Protecting Yourself from Covid-19 Scams10 June 2020 / by Adriel Smiley (author)
Since the Coronavirus entered our lives a few months ago, our daily routines have been altered as we try and preserve our safety and health. However, scammers have remained unfazed and still active.
To gain more insight into scamming during a pandemic and how to protect oneself, CJRU spoke to Erin Fraser and Lisa Cruz from the Crime Prevention Team at the Serious Fraud Office.
Some of the standard fraud trends are still going on but of course, scammers are taking advantage of the public health crisis. The most common has been the sale of fake masks, as well as emails informing victims their utilities will be cut due to non-payments. Fraser and Cruz schooled me on some of the current trends and why they are successful.
Ontario's current fraud trends and why they work
Fraudsters are looking to take advantage of those affected financially by the pandemic. For people trying to support themselves the opportunity to make some money may look more appealing than usual. As social distancing orders have forced the majority of us inside, more time spent online is inevitable. Across the board, telecommunications companies are reporting a massive spike in internet usage in the midst of the pandemic. Because of this, some may be more inclined to click on a link in an email or a text. Meanwhile, fear has made preventive items like masks, tests, cleaners & home supplies hot commodities. In the rush to protect ourselves and others from the virus, scammers are using the opportunity to collect our information while supposedly selling PPE. With many of us self isolating, people are spending more time alone without the same support systems around to assist in decision making.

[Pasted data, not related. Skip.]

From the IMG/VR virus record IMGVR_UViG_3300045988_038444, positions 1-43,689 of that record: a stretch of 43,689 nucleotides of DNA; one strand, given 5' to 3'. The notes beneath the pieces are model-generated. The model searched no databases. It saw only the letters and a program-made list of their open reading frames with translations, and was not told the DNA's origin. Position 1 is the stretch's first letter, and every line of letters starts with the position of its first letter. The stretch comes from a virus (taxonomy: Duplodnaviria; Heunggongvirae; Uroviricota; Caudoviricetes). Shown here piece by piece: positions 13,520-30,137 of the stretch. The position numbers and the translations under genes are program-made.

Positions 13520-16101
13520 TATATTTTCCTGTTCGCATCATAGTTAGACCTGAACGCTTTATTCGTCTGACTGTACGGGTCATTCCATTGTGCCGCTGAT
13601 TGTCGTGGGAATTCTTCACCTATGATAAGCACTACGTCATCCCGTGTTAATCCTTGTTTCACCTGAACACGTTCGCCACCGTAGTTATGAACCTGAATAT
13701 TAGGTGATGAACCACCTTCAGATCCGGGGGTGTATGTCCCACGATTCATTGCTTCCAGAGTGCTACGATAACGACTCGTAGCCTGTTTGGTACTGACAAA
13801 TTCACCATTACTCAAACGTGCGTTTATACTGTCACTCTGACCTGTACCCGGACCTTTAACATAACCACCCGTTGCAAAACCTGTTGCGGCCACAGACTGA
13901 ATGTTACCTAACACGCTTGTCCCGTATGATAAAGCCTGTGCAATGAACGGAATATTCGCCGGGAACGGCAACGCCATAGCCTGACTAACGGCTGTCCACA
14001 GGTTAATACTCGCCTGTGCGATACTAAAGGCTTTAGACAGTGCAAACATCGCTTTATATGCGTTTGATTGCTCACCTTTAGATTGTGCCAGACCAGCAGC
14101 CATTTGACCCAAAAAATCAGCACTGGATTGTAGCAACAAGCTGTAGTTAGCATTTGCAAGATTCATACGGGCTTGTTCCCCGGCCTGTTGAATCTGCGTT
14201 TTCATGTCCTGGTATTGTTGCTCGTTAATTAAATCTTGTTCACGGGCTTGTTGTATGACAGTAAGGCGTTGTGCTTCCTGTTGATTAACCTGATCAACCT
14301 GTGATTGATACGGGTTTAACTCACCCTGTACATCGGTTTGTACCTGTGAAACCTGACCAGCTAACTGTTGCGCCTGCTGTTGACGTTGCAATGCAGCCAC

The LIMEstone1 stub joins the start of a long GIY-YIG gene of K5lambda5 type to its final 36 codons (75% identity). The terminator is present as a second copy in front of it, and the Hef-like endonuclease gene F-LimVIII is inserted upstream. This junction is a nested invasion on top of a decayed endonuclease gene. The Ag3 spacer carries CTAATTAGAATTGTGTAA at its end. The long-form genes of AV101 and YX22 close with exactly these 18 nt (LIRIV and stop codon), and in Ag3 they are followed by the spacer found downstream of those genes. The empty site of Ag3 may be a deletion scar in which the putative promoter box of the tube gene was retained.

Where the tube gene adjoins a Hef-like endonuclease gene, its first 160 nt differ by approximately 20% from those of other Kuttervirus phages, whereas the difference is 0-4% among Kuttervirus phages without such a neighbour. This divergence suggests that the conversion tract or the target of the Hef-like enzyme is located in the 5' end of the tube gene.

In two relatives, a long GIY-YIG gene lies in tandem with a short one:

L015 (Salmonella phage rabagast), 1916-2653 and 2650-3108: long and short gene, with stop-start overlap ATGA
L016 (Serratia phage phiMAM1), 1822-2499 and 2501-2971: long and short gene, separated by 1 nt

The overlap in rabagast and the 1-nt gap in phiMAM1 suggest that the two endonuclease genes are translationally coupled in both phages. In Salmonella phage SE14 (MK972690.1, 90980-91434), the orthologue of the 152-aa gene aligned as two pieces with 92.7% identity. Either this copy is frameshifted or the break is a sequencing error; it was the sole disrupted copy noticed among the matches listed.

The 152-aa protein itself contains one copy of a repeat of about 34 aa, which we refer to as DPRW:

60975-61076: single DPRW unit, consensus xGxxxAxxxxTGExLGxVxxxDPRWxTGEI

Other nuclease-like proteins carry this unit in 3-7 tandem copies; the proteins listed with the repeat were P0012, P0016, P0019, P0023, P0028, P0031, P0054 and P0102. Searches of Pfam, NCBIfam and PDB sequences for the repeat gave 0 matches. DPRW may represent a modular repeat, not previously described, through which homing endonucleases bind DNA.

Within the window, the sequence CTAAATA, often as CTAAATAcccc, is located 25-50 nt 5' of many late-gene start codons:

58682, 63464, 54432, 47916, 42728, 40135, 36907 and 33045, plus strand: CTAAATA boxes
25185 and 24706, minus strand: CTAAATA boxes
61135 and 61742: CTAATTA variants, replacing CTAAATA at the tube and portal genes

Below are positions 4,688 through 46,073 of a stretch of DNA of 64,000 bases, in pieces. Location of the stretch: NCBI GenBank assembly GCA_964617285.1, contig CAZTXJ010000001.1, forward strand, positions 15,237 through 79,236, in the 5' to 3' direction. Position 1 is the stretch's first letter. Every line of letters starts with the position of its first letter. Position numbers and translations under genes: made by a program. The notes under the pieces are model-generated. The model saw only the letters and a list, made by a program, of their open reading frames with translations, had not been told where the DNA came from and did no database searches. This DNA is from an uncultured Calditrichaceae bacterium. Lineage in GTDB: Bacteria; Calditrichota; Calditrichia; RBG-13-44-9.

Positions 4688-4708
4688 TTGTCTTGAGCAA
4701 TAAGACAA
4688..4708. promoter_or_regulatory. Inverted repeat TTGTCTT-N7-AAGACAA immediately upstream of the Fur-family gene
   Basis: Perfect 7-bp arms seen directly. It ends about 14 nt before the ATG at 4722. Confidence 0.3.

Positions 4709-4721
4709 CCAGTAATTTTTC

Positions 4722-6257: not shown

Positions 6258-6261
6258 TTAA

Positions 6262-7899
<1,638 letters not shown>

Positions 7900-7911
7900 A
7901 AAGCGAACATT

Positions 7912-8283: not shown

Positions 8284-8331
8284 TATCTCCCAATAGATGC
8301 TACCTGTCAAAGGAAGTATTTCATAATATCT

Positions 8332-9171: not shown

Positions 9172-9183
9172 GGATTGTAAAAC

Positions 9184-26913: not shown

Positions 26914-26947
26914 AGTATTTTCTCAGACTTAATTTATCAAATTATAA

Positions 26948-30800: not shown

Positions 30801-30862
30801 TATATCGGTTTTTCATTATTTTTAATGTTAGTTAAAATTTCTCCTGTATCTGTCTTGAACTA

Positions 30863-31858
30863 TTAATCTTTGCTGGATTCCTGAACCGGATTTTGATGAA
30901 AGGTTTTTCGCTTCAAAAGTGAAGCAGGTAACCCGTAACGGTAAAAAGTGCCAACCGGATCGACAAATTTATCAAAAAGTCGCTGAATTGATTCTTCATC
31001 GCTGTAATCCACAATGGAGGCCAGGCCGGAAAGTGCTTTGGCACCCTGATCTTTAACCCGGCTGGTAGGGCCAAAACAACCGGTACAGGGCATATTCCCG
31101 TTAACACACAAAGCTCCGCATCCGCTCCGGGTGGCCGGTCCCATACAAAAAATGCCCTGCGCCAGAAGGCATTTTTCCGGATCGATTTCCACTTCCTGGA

Scams Related to COVID-19
The Canadian Fraud Center is keeping an updated list of reports of COVID-19 scams and the amount of money lost (https://www.antifraudcentre-centreantifraude.ca/index-eng.htm) due to COVID-19 fraud.
Working from Home
Scammers are sending out emails with potential work at home opportunities. They ask victims to offer up their banking information and open another account where they asked to transfer funds and keep a portion. You could potentially become a money mule by making these types of transfers, do your best to protect your banking information.
Keep an eye out for emails promoting and offering goods like protective equipment. These offers will ask for your credit card information right away to pay for shipping or a subscription fee. The Fraud Office urges you to only order from credible sources, and if it is too good to be true it probably is.
There have been reports of fraudsters claiming to be from reputable groups like the World Health Organization asking for donations to help fight the virus. It is important to be wary of emails asking for donations, do your research before committing your money.
Tips on Protecting Yourself
Don’t be afraid to say no!
On the phone, it is okay to hang up on someone if something doesn’t sound right to you. When it comes to emails or text don’t click on links from senders you do not recognize.
Keep your information
Be wary of any asking for your personal information over the phone or through an email. Never give your personal information to someone you do not know.
Do not give any money to rental units until you have seen the property.